Letter: 'Tyranny of men' began with creation myth


Editor of the Reformer,

Every year it's the same. The central theme of patriarchy is that men are superior to women. Self-righteous men claim for themselves father-centered religions, father-centered families, and by extension, male-centered governance and cultural traditions. To understand, perhaps, the perpetration of patriarchy, examine the creation myth that dominates the grim traditions embodied in Jukrislim history of the calendared Western Judeo-Christian-Muslim death culture.

The Jukrislim man-god mythologies and ensuing culture has a toxic negative obsession with a woman's body. After "man" was created "in the image of the god," there was no initial effort to create a woman. She was simply created later as an afterthought and only as an appendage to the man. When it came to the part in the story to create the first "offense" scene against this deity, it was a setup to incriminate the woman by the male authors. When it came time for Act II, the "punishment" scene, man was given a slap on the wrist. But women were forever blamed for the purported "original sin," condemned to the role of temptress, inflicted with painful childbearing, convicted as unclean and ostracized because of her menstrual bleeding times. Howsoever primitive this narrative seems today, many people still believe and/or are affected by it.

Just what was the problem with the biblical Abrahamics that compelled them to so harshly condemn women to second-class status? The answer? "Creation-envy." Simply put, men cannot create babies. Before the Genesis myth, there was no way for men to explicitly build a case against women to systematically discriminate against them.

In the early days of male-monotheism, before medical science, some men were suffering from a failure to create. There is reason to think that some of those men felt left out, unneeded, indebted to women, devalued, even emasculated. It was a childbirth-envy syndrome that drove insecure prideful men to make up for what, in reality, they could never do: create life.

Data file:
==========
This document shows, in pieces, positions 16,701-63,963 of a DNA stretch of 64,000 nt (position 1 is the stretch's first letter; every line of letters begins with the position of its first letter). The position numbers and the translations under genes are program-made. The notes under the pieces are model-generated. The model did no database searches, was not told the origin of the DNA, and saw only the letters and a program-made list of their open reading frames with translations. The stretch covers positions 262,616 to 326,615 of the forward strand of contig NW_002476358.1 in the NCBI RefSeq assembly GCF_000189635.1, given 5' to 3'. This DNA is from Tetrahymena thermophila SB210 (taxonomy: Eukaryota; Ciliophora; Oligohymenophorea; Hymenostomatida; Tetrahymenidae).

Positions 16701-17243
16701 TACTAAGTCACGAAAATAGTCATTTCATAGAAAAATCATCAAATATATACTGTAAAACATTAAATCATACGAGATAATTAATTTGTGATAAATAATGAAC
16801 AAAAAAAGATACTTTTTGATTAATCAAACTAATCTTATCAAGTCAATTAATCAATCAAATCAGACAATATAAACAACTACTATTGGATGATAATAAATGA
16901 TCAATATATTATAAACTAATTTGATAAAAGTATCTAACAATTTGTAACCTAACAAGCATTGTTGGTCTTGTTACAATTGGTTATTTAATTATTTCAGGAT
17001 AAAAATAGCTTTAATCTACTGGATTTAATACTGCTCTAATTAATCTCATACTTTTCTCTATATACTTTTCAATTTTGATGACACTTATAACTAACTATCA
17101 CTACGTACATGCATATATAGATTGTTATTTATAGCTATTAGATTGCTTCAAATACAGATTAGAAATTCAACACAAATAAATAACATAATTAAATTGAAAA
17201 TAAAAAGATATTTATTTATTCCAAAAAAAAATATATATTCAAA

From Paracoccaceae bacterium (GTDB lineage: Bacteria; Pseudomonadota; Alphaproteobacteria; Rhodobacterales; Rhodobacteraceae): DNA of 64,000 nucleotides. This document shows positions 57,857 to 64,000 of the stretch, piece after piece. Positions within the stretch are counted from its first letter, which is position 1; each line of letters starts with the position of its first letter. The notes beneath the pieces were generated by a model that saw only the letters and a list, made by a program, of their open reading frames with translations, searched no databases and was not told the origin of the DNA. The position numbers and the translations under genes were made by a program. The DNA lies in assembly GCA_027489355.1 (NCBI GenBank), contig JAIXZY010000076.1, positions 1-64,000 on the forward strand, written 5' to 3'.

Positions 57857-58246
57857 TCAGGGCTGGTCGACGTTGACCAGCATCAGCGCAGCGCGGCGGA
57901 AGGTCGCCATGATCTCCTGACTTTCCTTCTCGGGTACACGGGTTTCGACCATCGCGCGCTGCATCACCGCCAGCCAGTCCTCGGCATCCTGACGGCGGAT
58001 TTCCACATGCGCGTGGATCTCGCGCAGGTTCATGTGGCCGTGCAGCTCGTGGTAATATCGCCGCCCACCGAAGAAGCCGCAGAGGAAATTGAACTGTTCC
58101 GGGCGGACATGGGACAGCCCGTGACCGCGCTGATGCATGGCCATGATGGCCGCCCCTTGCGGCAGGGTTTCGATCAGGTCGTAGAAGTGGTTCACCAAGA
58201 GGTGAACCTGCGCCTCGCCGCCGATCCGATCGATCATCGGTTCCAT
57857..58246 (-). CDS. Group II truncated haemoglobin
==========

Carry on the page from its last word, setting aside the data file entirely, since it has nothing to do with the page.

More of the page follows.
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Childbirth was an important and joyous event. Oftentimes it was celebrated in public honoring the woman and her newborn as a renewal and continuation of the life of the village and the family-tribe. Then and now, the experience of witnessing childbirth firsthand is eye-opening, stunning, wondrous and awe-inspiring. It gives honest men pause to think of the "supreme" nature of a woman's role in the propagation of life itself.

The creation myth is clear historical evidence of the transmogrified minds of the men who created and built patriarchy into a dogmatic widespread belief-system that perverted the partnership between genders for generations to come. And, just as in the Genesis story, where the man becomes the god and life-giver, women became the accused, the blamed, abused and debased archetypes beyond recognition. The biblical authors legitimized the female "holocaust" for the next several thousand years. In a sense, "the tyranny of men" was born.

It's not just today's Trumpian bully, evangelical, sexist and right-wing era that endangers women. Patriarchy is inextricably tied to western religions, where Jukrislim monotheism engenders contentious, unstable and dangerous fake male-superiority. Unless women, in particular, repudiate and renounce the trifecta of Judeo-Christian-Muslim religions behind the patriarchy, men and women will never be of sound mind and body. We have a long way to go to bring women into the light, and out of the glare of patriarchal gaze.

Vidda Crochetta

Brattleboro, Jan. 15


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